> DR cluster, from the point of failover
> 7. Once the original DC is back alive, you want to reverse replication
> and make it the backup. Lookup the offset deltas, use them to
> initialize offsets for the consumer group you'll use to do replication.
> [Query]In order to lookup the offset deltas before initiating the
> consumers on the original cluster, is there any recommended
> mechanism/tooling that can be leveraged?
>
> Best Regards
>
> On Fri, 6 Jan 2017 at 03:31 Ewen Cheslack-Postava <ewen@confluent.io>
> wrote:
>
> On Thu, Jan 5, 2017 at 3:07 AM, Greenhorn Techie <
> greenhorntechie@gmail.com>
> wrote:
>
> > Hi,
> >
> > We are planning to setup MirrorMaker based Kafka replication for DR
> > purposes. The base requirement is to have a DR replication from primary
> > (site1) to DR site  (site2)using MirrorMaker,
> >
> > However, we need the solution to work in case of failover as well i.e.
> > where in the event of the site1 kafka cluster failing, site2 kafka
> cluster
> > would be made primary. Later when site1 cluster eventually comes back-up
> > online, direction of replication would be from site2 to site1.
> >
> > But as I understand, the offsets on each of the clusters are different,
> so
> > wondering how to design the solution given this constraint and
> > requirements.
> >
>
> It turns out this is tricky. And once you start digging in you'll find it's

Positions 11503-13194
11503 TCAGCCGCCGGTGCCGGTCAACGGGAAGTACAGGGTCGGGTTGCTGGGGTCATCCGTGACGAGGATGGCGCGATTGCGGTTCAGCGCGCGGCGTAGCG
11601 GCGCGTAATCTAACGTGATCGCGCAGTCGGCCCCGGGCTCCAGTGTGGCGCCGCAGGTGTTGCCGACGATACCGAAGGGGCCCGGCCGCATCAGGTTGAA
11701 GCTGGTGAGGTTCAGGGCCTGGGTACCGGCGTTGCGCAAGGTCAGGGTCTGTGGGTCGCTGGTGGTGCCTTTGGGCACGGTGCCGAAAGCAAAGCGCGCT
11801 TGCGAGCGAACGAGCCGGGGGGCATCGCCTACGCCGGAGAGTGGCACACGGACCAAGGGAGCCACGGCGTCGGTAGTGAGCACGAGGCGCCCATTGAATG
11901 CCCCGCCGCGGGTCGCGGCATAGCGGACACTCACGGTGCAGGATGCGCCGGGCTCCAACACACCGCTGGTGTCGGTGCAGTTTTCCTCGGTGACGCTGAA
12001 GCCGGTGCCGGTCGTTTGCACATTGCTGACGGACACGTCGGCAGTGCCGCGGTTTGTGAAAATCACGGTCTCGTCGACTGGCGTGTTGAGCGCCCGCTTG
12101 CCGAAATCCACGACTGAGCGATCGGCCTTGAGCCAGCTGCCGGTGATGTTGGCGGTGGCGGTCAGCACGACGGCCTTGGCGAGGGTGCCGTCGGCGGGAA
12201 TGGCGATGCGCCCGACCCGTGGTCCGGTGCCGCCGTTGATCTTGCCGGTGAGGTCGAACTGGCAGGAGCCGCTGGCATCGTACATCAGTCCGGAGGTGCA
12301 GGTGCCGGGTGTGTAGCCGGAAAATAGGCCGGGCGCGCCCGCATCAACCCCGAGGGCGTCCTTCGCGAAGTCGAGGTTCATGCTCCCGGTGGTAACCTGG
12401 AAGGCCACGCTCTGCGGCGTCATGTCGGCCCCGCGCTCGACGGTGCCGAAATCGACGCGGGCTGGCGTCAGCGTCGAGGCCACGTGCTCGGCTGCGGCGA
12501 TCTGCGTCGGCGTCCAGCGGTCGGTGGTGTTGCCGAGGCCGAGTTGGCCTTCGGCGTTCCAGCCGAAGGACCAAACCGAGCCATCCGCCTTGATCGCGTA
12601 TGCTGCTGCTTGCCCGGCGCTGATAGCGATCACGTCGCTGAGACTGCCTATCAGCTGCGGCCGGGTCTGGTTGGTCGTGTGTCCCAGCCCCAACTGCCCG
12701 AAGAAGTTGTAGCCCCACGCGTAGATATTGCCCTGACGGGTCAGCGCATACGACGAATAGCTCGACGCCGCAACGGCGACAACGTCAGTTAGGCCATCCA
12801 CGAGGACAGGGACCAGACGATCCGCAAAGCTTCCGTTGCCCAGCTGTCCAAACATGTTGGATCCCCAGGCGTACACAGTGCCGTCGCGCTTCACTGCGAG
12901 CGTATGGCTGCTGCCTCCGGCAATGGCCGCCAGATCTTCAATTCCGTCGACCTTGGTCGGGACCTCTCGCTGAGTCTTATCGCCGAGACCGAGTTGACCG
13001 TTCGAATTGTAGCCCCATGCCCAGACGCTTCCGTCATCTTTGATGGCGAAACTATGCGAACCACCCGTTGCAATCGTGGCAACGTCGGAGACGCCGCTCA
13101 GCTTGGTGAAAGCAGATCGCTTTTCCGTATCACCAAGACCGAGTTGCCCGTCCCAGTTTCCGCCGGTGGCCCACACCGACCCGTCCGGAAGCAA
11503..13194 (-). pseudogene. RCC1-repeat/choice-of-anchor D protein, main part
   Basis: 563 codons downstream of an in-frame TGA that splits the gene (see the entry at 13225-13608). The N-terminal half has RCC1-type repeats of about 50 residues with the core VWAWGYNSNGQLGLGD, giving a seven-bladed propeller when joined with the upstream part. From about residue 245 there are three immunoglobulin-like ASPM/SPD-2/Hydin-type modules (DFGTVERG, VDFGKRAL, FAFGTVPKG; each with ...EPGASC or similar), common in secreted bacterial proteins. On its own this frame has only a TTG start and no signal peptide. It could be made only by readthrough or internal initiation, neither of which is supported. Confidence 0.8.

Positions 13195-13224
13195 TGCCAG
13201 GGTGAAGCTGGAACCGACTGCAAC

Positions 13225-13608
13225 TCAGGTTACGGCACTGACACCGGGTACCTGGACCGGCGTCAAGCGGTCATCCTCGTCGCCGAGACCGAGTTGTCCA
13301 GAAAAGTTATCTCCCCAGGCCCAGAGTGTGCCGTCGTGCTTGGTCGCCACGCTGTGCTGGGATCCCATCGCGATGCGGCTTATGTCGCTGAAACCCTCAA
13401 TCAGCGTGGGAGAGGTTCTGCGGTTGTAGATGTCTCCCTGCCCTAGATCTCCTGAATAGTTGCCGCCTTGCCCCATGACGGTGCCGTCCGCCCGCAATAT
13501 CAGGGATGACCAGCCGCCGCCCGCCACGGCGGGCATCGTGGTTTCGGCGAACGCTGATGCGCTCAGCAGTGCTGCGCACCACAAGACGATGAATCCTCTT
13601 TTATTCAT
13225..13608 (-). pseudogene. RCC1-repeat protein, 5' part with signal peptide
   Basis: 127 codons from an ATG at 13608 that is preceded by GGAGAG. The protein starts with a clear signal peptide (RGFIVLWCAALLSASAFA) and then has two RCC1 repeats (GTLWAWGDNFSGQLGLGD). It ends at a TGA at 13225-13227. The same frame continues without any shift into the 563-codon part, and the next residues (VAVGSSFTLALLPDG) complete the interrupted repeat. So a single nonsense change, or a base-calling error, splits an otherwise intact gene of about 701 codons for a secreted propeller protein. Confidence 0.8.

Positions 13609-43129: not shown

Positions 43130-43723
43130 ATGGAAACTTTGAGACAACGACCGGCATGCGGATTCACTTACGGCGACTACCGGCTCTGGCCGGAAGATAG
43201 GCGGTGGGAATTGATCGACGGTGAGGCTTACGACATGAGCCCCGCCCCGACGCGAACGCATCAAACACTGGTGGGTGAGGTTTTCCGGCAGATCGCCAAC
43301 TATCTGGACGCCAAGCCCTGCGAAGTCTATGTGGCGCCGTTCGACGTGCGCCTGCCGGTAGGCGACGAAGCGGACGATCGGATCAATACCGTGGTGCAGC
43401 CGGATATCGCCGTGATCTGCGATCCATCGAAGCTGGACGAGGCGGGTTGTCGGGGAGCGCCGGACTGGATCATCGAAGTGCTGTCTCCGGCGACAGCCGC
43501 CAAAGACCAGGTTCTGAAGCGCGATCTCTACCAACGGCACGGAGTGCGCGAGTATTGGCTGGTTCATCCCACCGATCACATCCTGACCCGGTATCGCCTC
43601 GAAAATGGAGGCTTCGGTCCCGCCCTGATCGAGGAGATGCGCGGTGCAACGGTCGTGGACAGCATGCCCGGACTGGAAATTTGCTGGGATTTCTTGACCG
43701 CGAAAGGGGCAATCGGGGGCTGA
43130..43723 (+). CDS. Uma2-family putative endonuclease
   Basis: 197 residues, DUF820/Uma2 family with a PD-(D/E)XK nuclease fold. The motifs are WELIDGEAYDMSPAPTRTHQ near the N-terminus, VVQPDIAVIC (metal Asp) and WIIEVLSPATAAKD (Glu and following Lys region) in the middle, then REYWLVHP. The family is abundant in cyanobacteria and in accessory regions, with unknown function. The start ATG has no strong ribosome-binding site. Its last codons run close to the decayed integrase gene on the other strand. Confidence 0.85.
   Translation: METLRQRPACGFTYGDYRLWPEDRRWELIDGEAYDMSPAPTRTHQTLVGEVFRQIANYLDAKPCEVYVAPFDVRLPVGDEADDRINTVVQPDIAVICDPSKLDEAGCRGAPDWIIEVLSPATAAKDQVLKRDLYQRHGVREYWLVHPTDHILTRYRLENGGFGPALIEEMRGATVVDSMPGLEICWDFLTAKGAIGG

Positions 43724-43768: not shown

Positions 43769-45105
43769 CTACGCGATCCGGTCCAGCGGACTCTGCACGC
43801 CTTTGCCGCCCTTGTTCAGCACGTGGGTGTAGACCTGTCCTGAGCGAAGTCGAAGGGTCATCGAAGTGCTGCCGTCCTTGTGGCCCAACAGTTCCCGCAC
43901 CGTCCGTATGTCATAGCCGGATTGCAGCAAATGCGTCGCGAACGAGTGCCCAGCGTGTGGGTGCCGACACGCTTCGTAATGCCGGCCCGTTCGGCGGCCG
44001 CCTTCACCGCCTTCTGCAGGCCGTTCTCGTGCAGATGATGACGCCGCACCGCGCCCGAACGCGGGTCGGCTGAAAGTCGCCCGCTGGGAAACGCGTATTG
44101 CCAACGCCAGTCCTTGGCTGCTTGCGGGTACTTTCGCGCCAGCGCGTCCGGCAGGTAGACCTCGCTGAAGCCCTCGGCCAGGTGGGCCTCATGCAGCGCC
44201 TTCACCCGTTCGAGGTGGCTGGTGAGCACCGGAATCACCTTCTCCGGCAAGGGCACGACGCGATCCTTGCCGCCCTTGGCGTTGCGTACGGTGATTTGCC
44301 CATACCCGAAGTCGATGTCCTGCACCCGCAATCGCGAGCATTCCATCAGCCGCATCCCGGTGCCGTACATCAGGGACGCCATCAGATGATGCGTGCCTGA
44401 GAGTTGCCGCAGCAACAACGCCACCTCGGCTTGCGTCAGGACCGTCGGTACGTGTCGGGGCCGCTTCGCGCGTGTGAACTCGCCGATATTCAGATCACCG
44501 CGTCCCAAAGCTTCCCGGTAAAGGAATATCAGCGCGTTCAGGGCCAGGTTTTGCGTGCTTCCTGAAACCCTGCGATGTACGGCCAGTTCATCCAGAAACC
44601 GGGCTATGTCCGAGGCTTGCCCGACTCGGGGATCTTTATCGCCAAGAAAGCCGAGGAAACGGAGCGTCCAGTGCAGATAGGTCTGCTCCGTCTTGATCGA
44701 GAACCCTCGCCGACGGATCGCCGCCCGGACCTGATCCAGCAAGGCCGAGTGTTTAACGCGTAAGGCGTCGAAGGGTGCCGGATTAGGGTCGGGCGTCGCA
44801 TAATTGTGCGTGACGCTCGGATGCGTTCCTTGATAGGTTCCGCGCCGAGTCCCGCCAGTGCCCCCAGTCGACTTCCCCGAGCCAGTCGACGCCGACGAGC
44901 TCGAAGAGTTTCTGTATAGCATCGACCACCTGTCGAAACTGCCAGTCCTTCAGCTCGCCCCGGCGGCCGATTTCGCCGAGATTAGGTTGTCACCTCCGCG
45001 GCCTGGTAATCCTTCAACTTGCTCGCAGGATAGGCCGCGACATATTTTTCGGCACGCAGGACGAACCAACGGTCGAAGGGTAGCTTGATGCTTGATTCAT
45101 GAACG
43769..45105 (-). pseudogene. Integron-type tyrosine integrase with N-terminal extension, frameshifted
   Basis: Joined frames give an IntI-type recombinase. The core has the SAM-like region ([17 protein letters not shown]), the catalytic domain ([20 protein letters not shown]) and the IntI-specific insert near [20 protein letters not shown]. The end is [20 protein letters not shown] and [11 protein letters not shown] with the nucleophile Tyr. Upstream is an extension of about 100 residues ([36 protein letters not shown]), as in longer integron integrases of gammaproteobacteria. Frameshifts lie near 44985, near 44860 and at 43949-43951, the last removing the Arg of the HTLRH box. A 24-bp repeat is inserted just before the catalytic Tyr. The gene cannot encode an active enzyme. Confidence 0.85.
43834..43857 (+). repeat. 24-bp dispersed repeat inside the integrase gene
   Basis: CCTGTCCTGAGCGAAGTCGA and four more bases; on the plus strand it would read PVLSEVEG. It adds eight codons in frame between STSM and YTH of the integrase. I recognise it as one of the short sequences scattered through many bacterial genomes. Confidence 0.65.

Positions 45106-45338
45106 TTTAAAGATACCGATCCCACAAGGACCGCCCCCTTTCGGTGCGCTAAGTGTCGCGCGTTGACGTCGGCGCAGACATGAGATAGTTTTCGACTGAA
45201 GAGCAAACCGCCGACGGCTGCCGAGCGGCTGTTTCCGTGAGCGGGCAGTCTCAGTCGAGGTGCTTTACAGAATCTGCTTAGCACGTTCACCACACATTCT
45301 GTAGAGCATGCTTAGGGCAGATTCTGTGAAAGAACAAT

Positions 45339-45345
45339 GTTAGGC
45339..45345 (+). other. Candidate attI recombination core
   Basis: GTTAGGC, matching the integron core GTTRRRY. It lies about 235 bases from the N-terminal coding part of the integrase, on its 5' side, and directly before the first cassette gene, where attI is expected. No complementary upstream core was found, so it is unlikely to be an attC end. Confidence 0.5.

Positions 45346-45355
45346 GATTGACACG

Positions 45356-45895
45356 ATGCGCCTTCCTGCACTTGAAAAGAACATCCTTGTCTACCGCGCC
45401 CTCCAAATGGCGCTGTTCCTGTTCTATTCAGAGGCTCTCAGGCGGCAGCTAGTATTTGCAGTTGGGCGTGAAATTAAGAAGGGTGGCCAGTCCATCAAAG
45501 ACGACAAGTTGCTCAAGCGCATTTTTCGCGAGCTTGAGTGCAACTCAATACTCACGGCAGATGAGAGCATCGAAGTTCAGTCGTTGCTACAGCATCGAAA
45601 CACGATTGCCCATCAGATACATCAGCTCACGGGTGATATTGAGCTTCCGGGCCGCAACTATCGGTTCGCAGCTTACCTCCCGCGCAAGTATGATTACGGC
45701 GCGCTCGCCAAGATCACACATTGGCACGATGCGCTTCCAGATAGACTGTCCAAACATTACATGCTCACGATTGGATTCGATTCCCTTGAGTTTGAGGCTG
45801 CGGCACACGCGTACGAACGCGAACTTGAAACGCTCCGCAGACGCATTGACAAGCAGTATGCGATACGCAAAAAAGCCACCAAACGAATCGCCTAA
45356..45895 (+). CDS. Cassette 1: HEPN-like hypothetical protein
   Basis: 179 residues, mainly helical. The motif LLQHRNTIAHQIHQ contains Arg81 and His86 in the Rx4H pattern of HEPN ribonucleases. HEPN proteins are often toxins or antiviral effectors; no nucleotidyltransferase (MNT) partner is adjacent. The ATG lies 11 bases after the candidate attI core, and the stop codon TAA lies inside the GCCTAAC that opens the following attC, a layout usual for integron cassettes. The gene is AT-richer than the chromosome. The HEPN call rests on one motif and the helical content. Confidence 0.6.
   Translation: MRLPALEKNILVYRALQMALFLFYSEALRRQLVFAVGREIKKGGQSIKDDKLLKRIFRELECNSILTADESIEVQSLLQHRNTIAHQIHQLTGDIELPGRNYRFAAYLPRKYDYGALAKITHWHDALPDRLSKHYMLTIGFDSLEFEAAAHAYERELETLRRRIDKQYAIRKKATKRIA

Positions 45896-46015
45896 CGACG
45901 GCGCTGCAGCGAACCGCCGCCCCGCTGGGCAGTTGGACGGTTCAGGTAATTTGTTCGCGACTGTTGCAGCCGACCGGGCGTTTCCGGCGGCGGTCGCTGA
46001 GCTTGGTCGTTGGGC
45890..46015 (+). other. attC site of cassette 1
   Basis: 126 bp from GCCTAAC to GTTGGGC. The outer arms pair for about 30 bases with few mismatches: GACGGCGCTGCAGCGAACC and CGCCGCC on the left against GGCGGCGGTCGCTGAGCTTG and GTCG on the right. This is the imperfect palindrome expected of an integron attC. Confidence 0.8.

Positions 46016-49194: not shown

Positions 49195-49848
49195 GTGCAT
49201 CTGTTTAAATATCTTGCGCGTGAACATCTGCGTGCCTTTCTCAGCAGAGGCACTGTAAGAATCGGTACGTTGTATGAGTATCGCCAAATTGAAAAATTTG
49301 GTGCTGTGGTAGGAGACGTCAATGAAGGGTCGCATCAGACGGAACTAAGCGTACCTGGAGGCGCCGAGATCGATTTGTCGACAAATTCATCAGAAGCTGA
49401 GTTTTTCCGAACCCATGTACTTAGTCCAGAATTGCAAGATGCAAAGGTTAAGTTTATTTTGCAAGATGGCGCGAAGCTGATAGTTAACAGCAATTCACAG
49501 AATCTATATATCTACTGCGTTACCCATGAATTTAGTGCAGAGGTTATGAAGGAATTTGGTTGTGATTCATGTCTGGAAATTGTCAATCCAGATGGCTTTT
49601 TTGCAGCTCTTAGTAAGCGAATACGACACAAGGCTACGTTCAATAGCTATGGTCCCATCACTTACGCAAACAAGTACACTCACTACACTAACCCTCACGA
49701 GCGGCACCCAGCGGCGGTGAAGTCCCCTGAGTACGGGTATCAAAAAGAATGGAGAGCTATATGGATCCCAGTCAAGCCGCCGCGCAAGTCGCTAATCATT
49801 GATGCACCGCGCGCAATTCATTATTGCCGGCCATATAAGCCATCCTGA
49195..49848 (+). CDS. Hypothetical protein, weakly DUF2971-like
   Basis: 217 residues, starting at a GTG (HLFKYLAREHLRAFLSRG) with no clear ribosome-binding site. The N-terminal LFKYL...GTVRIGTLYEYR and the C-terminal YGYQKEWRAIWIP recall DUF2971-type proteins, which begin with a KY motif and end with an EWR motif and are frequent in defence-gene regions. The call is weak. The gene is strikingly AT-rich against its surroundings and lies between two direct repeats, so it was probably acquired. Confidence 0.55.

> way more complicated than you might originally think.
>
> Before going down the rabbit hole, I'd suggest taking a look at this great
> talk by Jun Rao (one of the original authors of Kafka) about multi-DC Kafka
> setups: https://www.youtube.com/watch?v=Dvk0cwqGgws
>
> Additionally, I want to mention that while it is tempting to want to treat
> multi-DC DR cases in a way that we get really convenient, strongly
> consistent, highly available behavior because that makes it easier to
> reason about and avoids pushing much of the burden down to applications,
> that's not realistic or practical. And honestly, it's rarely even
> necessary. DR cases really are DR. Usually it is possible to make some
> tradeoffs you might not make under normal circumstances (the most important
> one being the tradeoff between possibly seeing duplicates vs exactly once).
> The tension here is often that one team is responsible for maintain the
> infrastructure and handling this DR failover scenario, and others are
> responsible for the behavior of the applications. The infrastructure team
> is responsible for figuring out the DR failover story but if they don't
> solve it at the infrastructure layer then they get stuck having to